Fleetwood Mac Looks Back, Moves Forward at Tacoma Dome

Before the final song of the band’s two and a half hour long set at the Tacoma Dome on Monday night, Fleetwood Mac guitarist and latter-day creative force Lindsey Buckingham stepped to the microphone and proclaimed, “Sometimes it takes losing a set of illusions to move forward.” While he may have been referring to his oft-discussed and long dormant romantic relationship with his band mate Stevie Nicks, the same sentiment could be applied to expectations for the band’s performance that evening.

No this wasn’t the same powerhouse that dominated popular music in 1977 – the hair was a little grayer, the movements on stage a little more deliberate – but Fleetwood Mac still managed to deliver a solid set of timeless music that brought the thousands in attendance to their feet for nearly the duration of the show.

The night began with a touching gesture as Buckingham and Nicks took the stage hand-in-hand lending the crowd a visual cue that each was willing to put their respective feelings of acrimony behind them. If they were ready to forget their own personal histories however, they were just as quick to delve into their musical past opening the night with a one-two-three punch of songs off the astronomically successful album, Rumors; “Second Hand News,” the first track off the album followed by “The Chain” and then “Dreams.”

It was clear from the start that Buckingham was to be the focal point of the evening and his performance both vocally and on guitar was transcendent. Buckingham, who drummer Mick Fleetwood later referred to as, “Our inspiration and our mentor,” was given much of the burden of moving the show along and providing the necessary flourishes that kept the songs from drifting too far into stale renditions of over-played material. His solo on “I’m So Afraid” in particular stood out for both its intensity and technical wizardry.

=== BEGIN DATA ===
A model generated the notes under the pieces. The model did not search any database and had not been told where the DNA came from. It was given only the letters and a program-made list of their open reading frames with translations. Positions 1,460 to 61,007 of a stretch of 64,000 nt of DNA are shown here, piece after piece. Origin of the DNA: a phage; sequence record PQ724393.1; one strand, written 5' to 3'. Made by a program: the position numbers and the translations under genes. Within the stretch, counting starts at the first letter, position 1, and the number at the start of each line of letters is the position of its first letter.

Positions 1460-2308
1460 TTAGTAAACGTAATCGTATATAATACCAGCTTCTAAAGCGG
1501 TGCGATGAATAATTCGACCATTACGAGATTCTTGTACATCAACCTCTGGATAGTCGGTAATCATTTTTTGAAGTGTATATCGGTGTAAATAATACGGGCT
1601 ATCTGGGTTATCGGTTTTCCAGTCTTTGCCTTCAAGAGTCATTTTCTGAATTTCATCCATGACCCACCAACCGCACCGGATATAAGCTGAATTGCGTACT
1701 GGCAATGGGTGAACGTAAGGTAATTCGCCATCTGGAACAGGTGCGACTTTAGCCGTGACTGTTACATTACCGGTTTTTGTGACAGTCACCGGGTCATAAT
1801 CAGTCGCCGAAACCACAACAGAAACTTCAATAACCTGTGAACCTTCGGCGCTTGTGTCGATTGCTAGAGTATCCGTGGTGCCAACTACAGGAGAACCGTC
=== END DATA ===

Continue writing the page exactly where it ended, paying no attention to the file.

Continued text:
However much Buckingham proved throughout the evening to have sidestepped the effect of passing years on his musical prowess, the same could not be said singer Stevie Nicks. It was evident early on that Nicks has lost a bit of her vocal top-range – the iconic falsetto on “Rhiannon” was noticeably absent. She was, however, still able to solidly belt out each number with a steadiness that proved admirable. Accompanied by Buckingham alone on acoustic guitar, Nick’s rendition of “Landslide” – always a crowd favorite – was delivered expertly and with a great deal of precision.

The rhythm section – the Fleetwood and Mac in Fleetwood Mac as it were – was, as expected, on point throughout the evening. John McVie’s bass proved to be the solid rock and foundation of each number. His technical ability combined with his comfortable setting near the rear of the stage rendered him almost an afterthought; something taken for granted. Mick Fleetwood on the other hand was a force that refused to be ignored and throughout the evening slammed all the power that his 6’5” frame could muster into each hit on the snare and kick on the bass.

Amid an evening soaked in nostalgia – Fleetwood himself was garbed in the same outfit he wore in the cover photo of Rumors, down to the balls dangling listlessly from his waistband – there were signals that the group intended to carry on. Selections from its latest offering, Extended Play, were interspersed amongst the old standbys in the setlist to great acclaim from the audience. Buckingham himself declared that there are, “a few chapters left to be written in the book of Fleetwood Mac.” If Monday’s performance proved anything, it was that while they may have lost a step or too in some regards, and may be more than a little too reliant on their back catalog, Fleetwood Mac still has it and aren’t quite ready to say goodbye just yet.

 
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